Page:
Some of the experiments I do fall into the ‘Please feel free to try this at home’ category. Others however are of the ‘Do not attempt to do this yourself without full understanding the risks involved. No really, I mean it, stop what you are doing now and step away from the work bench’. Today’s post is firmly from the second category. Please do not attempt to do anything like this unless you understand the risks of working with high intensity UV light. With that out of the way, let’s begin….
For my UV microscope build, almost everything has needed modification in one way or another, in order to be usable down in the short wavelength range of UV below 300nm. My main UV light source – a 200W Hamamatsu LC8 mercury xenon lamp – gives out plenty of UV down to just below 300nm, but is really awkward to use with the microscope, due to the position of the output from the lamp. I have a couple of mercury xenon lamps for microscopes – a 100W Olympus one, and a 50W Zeiss HBO – but when I initially checked the output from both of these there was a bit of a problem. While they both had a good output at 365nm, down below 320nm there was essentially nothing. If I’m wanting to look down at 300nm and below, this is a bit of an issue as I need light down there. Initially it struck me as a bit odd, and had me wondering what was going on. Both microscope lights were using mercury xenon lamps like the Hamamatsu LC8, so why was output so restricted? Perhaps the bulbs were made of different materials which didn’t have as good a UV transmission? This could be possible, but it would be very odd. So was it something else?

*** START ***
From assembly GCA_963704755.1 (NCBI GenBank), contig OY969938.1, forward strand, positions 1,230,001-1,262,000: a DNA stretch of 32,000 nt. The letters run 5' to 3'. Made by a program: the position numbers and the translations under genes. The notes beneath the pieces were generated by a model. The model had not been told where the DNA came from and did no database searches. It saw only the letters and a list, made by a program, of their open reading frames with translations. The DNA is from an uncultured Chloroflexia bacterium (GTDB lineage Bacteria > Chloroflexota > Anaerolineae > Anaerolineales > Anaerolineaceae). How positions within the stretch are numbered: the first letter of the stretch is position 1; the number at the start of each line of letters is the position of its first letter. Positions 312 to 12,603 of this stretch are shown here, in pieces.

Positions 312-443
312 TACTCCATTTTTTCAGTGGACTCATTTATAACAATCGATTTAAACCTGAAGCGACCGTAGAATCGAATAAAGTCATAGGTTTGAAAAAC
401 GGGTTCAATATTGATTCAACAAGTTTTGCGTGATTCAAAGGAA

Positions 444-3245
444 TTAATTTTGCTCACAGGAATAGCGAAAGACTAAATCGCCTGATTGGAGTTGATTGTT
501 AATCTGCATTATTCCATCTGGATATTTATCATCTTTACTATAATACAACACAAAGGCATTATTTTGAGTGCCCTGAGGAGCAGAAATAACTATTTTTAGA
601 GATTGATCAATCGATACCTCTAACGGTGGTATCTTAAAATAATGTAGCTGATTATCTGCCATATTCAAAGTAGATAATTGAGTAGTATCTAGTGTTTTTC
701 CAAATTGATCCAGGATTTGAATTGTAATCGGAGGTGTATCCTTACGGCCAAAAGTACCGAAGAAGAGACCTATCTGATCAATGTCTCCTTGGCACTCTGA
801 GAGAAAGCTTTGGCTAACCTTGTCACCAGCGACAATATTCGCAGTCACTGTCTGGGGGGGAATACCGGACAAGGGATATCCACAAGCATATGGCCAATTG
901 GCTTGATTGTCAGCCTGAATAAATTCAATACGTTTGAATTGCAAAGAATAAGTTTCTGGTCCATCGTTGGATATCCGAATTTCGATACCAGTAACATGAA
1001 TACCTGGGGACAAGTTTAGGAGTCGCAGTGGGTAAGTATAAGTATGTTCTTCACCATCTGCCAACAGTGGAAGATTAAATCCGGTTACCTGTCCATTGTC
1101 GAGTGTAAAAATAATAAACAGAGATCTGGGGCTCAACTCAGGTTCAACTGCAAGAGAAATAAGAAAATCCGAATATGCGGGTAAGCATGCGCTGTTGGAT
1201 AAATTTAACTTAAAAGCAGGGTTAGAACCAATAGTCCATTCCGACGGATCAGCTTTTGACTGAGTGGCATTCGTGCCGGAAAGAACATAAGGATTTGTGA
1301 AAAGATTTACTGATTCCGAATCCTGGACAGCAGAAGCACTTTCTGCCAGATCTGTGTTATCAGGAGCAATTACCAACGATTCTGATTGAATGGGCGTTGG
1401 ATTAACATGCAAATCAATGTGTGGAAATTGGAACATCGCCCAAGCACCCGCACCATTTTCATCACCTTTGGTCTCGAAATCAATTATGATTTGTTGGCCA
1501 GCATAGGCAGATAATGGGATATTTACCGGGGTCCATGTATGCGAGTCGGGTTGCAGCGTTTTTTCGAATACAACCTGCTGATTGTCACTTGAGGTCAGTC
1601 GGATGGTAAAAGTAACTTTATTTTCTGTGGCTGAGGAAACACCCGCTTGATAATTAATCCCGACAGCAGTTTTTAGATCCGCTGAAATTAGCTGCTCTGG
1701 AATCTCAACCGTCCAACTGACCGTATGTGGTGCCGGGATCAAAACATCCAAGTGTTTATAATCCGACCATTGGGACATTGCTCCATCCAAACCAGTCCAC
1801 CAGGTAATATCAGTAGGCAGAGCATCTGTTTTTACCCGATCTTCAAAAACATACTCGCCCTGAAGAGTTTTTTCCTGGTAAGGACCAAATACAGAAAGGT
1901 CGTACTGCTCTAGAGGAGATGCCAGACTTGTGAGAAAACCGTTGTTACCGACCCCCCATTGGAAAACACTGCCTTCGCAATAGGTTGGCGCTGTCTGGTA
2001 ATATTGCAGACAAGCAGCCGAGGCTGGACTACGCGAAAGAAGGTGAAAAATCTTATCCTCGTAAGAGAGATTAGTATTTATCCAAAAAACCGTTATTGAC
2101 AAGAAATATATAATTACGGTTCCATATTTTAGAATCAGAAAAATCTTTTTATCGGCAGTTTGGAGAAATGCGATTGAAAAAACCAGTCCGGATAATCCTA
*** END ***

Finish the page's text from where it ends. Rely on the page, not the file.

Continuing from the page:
For now I have settled on trying to use the Zeiss 50W HBO setup rather than the Olympus one. This is mainly driven by space constraints – the Olympus light source is huge, and I just don’t have space to have it out on the bench all the time. The Zeiss HBO is dinky, so is much less of an issue to leave out. Here it is on the bench.
If you look down the output port of the light (with it switched off obviously), there is a metal tube which can be moved in and out by turning a knob on the side of the light housing.
At the far of the tube near the bulb itself is a lens, and the movement of this tube and lens actually focuses the light. But the lens is a problem. It is highly unlikely that this lens is a UV fused silica or quartz one, so it’s going to be glass, and glass absorbs short wavelength UV. This lens will be blocking the light that I want to see. To determine if this was indeed what was happening, the first thing to do was remove the tube and lens. This was actually pretty simple, by loosening the small screw near the focus knob. Once removed, the tube looked like this.
The lens is held in with a simple spring clip, but this was down at the bottom of the tube and was really, really tricky to get out. Once out, the lens itself could be removed, and this is what it looked like.